Douglas And Cherokee: 2 Bass Fisheries

Douglas And Cherokee: 2 Bass Fisheries

These two lakes are neighbors geographically but in other ways fish quite differently. Here's how local experts approach them for bass. (May 2008)

Carolina rigs are worth a try on Douglas Lake, particularly as the bass move shallow.
Photo by Tom Evans.

Most reservoirs that are next to each other have similar fishery habitats. Many are in line on the same waterways -- fed by the same river systems. Douglas and Cherokee lakes in East Tennessee are about a 30-minute drive from one another -- but although they are related, they're more like distant cousins than close relatives.

Neighboring Douglas and Cherokee lakes are two separate bodies of water fed by different watersheds. The differences those watersheds produce in the bass fisheries have a big effect on anglers.

DOUGLAS LAKE --SCIENTIFICALLY
One of John Hammonds' jobs as a Tennessee Wildlife Resources Agency (TWRA) fisheries biologist is to monitor the bass at Douglas Lake. Concerning the age/size/population structure of black bass at Douglas Lake, he said, the largemouth bass have a great reproduction rate and really fast growth -- but they don't get very old, which limits how big the vast majority of fish can get.

The electro-fishing catch rate for Douglas is at least two times and as much as four times higher than any of the other reservoirs that Hammonds samples. Hammonds said that, obviously, there are plenty of largemouth bass in Douglas, so out of that many fish, they occasionally see a 7- or 8-pounder.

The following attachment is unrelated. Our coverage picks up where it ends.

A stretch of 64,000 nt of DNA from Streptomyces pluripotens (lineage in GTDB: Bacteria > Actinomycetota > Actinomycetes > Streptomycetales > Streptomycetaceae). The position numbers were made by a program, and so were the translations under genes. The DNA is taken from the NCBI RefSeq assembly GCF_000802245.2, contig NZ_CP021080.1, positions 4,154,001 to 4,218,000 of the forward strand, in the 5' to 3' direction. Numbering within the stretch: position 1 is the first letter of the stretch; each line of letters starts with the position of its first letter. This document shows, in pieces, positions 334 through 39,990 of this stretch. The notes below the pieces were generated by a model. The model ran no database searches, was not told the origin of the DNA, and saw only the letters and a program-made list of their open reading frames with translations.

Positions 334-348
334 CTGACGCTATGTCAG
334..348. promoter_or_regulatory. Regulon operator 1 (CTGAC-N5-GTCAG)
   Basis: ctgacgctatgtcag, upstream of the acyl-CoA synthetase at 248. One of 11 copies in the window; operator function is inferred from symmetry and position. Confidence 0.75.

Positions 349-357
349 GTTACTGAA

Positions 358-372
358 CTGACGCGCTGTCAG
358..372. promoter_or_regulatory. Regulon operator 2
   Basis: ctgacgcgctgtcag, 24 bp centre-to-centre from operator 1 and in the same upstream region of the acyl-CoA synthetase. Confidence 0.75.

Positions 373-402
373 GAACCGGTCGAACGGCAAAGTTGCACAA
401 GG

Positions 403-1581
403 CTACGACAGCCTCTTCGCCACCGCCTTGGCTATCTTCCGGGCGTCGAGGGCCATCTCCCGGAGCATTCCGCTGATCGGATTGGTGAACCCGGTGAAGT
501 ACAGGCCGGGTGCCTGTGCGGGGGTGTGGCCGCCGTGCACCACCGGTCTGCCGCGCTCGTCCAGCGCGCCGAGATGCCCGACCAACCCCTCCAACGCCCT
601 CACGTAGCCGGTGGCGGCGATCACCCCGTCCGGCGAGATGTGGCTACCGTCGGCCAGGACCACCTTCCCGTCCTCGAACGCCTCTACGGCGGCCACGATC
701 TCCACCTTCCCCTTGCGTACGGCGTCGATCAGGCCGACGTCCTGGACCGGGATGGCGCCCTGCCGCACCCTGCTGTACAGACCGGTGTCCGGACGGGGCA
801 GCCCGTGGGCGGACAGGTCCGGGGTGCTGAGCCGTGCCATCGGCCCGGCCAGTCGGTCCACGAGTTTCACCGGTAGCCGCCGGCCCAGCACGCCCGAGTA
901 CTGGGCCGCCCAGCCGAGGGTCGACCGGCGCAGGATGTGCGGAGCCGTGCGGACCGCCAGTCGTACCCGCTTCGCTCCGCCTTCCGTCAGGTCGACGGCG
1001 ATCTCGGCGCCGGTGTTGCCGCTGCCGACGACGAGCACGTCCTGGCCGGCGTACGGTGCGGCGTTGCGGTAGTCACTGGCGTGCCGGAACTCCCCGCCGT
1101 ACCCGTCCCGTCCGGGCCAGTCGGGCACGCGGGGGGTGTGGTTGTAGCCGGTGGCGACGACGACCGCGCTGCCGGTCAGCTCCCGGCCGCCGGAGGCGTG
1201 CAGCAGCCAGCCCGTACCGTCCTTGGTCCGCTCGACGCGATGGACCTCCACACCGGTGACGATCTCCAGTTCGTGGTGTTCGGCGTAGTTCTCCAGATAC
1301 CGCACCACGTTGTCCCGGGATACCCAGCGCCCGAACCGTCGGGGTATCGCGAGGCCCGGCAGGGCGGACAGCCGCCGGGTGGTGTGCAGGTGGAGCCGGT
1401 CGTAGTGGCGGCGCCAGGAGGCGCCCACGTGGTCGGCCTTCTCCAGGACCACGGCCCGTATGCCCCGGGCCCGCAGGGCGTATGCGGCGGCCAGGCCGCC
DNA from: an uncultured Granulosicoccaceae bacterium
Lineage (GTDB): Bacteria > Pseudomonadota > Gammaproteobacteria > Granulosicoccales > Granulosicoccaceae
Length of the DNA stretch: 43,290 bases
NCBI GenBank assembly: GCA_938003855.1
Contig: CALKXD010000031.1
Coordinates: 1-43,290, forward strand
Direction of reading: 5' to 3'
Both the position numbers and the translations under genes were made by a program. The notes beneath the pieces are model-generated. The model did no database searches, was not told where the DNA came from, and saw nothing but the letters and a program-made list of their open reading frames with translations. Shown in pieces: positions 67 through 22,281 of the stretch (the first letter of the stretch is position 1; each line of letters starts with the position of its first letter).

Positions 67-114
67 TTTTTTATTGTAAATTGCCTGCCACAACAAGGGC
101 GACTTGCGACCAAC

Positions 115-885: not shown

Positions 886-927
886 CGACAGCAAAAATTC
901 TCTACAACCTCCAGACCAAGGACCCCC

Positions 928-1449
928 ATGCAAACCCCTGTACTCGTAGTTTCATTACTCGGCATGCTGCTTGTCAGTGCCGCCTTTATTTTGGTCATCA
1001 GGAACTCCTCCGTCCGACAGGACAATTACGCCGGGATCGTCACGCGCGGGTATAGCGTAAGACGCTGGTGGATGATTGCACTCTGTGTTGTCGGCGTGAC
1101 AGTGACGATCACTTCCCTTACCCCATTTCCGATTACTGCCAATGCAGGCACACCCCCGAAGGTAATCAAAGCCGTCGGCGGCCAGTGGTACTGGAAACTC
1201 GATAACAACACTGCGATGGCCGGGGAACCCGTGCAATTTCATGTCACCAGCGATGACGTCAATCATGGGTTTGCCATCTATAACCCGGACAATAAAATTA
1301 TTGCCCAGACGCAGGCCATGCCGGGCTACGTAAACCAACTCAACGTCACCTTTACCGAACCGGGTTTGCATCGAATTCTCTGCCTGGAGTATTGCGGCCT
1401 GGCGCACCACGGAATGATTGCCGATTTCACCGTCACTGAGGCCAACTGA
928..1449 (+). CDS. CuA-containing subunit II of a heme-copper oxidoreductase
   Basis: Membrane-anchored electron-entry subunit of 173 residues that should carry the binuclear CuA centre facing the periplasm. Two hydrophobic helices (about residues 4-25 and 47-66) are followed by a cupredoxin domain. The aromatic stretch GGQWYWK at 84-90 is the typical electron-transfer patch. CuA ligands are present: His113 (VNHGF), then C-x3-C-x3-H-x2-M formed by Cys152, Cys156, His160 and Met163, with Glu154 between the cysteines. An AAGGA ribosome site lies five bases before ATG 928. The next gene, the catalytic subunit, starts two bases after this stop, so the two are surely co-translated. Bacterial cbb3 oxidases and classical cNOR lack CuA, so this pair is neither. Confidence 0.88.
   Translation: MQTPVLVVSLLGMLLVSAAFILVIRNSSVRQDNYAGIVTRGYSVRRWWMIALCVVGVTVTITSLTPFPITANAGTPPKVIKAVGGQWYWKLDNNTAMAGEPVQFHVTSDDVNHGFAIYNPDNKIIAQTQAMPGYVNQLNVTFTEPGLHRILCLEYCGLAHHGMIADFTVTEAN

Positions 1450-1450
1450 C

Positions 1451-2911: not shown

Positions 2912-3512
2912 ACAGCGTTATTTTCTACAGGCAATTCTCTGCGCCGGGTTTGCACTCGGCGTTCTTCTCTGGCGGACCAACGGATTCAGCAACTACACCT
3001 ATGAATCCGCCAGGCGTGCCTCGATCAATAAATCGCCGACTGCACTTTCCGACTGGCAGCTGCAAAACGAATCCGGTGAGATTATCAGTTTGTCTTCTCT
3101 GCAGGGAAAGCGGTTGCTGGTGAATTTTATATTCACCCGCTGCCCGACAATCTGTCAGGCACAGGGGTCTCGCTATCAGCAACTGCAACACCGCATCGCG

There is a trophy regulation in place for smallmouth bass here, and their size structure is usually really good. Of the few smallmouths that the agency sees in its sampling, Hammonds said the smallmouths are generally bigger than the largemouths. Because there are so few smallmouths, he said they haven't been able to collect a large enough sample to get age and growth data, but they hope to really soon.

Hammonds said largemouths are dominant in the lake because of their numbers, but smallmouth bass have come on a lot lately. The agency sees more and more smallies each year, but this year (2007), the population looked like it was starting to "level off."

The agency did stock some smallmouth bass near the dam the last couple of years to help boost the natural reproduction, and probably as a result of those stocking efforts, biologists did see more 8- to 12-inch smallmouths this year than normal. Hammonds said those fish should continue to grow and help the smallmouth population continue to increase.

"We only see smallmouths on the lower end of the reservoir and in the tributary rivers of Douglas," Hammonds added. "Smallmouth bass prefer cooler, clear water and Douglas is not their favorite kind of habitat. As the water in the lake continues to clear, we should see the smallmouth bass population increase, but this is a slow process."

Over the years, some anglers feel Cherokee and Douglas seem to run in cycles -- while one is hot, the other seems to drop off -- and many of these anglers think it's more because of fishing pressure between the two lakes than anything else.

Hammonds said that could be the case, but he doesn't know that for sure. Mainly because the TWRA doesn't see that phenomenon in their electro-fishing data on a yearly basis, and they never have a creel clerk on Douglas and Cherokee the same day. He said not to get him wrong, he knows that the fish bite better on one lake than the other on certain days, but Hammonds just can't see how that would happen enough to where it would be a noticeable pattern.